One of the rarest sports cars to reach North America was the British Jowett Jupiter. Its heritage went back to 1906 when Benjamin and William Jowett of Bradford, Yorkshire, expanded from bicycle repair into automobile building. They built their first prototype car that year, but commercial production didn't begin until 1910. The first Jowetts had flat, twin-cylinder engines, and this horizontally opposed layout would become a Jowett trademark. In 1936 a flat four engine was introduced.
Produced by Jowett Cars Ltd. of Bradford, England, the Jupiter was a British Automobile that was produced from 1950 to 1954. Jowett produced commercial and light vehicles from 1906 until 1954.
Riding high on their success from the Jowett Javelin, the Jowett Company chose to test the waters by using its power train in a sports car, the only one the company ever made. ERA was chosen to design the chassis, and was done so by Professor Eberan von Eberhorst, from Auto Union. Eberhorst created a chassis design that consisted of tubular steel fabrication, with the suspension using torsion bars front and rear and independent at the front. Jowett modified this by building a steel and aluminum open body on this frame with a bench seat with room for three passengers. The hood was rear hinged and opened complete with the wings, while there was no external access to the trunk.
More impressive than the Javelin, the Jupiter a more highly tuned flat four overhead valve engine of 1486 cc. With a maximum speed of 85 mph and a 0-50 time of 11.7 seconds, the Jupiter came with its compression ratio raised from 7.2:1 to 8.0:1 developing 60 bhp at 4500 rpm. Besides a four speed gearbox with column change, the Jupiter also featured two Zenith carburetors. All Jupiter sports cars were powered by the same Jowerr-designed 1486cc flat four pushrod engine of 60-62 bhp in standard form.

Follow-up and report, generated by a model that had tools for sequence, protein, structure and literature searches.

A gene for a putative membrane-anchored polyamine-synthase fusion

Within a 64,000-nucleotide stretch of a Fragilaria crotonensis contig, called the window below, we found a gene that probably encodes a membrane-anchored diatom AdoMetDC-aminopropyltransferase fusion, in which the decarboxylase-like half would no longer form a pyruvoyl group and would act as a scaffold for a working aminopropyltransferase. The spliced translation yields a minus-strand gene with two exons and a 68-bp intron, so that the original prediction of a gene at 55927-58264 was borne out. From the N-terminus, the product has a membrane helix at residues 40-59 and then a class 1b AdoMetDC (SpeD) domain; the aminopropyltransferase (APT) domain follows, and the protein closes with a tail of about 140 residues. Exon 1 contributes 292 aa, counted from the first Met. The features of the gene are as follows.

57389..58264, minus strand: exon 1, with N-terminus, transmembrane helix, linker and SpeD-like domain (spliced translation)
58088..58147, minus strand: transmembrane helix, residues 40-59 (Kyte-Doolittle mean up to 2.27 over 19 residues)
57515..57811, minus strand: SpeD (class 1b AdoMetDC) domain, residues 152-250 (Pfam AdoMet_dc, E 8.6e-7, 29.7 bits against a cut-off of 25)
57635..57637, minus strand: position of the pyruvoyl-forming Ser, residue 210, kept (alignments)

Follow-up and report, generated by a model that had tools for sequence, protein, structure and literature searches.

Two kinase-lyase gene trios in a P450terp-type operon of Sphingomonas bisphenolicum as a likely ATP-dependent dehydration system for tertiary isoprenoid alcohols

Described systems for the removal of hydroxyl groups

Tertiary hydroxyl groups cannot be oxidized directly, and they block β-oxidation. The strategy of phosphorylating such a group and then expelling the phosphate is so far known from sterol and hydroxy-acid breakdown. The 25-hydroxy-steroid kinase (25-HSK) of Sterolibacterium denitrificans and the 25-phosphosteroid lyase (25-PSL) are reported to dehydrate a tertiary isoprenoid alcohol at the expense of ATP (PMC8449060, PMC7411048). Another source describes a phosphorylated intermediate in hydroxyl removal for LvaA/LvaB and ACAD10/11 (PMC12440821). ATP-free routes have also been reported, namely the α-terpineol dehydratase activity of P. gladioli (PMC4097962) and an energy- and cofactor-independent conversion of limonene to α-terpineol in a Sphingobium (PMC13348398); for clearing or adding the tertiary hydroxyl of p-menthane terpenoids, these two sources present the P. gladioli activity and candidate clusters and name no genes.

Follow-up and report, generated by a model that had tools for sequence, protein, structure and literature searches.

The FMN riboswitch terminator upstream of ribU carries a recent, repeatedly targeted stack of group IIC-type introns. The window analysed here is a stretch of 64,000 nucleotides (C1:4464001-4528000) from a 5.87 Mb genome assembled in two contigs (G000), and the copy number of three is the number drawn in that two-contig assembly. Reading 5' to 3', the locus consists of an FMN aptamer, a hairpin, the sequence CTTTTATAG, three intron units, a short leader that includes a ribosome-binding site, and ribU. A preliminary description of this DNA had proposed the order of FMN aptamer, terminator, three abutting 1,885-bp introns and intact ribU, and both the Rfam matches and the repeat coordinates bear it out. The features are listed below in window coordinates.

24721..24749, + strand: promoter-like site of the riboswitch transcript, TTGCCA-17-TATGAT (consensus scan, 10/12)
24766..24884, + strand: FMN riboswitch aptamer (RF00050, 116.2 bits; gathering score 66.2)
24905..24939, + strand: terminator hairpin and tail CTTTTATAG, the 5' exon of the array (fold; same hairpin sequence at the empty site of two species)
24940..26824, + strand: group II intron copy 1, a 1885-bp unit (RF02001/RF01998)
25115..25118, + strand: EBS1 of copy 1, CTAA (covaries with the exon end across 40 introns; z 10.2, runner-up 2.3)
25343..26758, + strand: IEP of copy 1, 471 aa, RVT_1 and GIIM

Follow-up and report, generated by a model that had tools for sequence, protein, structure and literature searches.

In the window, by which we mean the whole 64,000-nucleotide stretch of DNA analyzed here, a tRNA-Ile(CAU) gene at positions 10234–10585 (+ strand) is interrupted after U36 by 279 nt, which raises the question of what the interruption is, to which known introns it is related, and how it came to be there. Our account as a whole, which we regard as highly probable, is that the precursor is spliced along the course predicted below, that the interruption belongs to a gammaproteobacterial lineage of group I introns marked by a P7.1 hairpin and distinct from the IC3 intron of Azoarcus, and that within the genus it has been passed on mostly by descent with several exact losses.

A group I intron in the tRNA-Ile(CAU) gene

In 1950 the Jupiter achieved a record-breaking class win at Le Mans and became an instant success. Adding to this status was the outright win of the '51 Lisbon International Rally, a class 1-2 in the '51 Monte Carlo International Rally, and a class 1-2 at Dundrod in September of 1951. The Jupiter was again class-won in both 1951 and 1952 at Le Mans, along with various other lesser events throughout the year. During its production life and beyond, the Jowett Jupiter reached high successes in both national and international competitions. Unfortunately in 1953 the competition was getting heavier, as newer faster cars were giving the Jupiter a run for its money.
Late during 1952, a new model with a bit more power (63 bhp) was introduced, the Mk 1a. The aluminum-bodied MK 1a showcased an opening lid to a trunk with a lot more storage room. Only 94 Mk 1A's were constructed by the factory, and a total of 731 Mk1 were built. In addition to these vehicles, Jowett also produced 75 fully equipped rolling chassis that were supplied to external coachbuilders. These specialist coachbuilders included Ghia Suisse, Abbot of Farnham, Richard Mead, Farina and Gebruder Beutler.
While only example of the R1, a sports- racing derivative of the Jupiter, survives today, 3 examples were designed. The R1 won the 1500cc sports car race held at Watkins Glen in 1951. One year later another R1 model placed 13th overall in the Le Mans 24 hour race.
The R4 was the intended successor for the Jupiter unfortunately the Jowett Company shut its doors before every reaching production. Constructed with a fiberglass body and featuring a newer lighter chassis, the R4 had high hopes of being a 100 mph vehicle. The cheapest 100 mph car exhibited at the 1953 London Motor Show, the R4 Jupiter turned many heads. Two out of three prototypes have survived to this day.
Before it could ever be raced by the Works, the factory closed.
.By Jessica Donaldson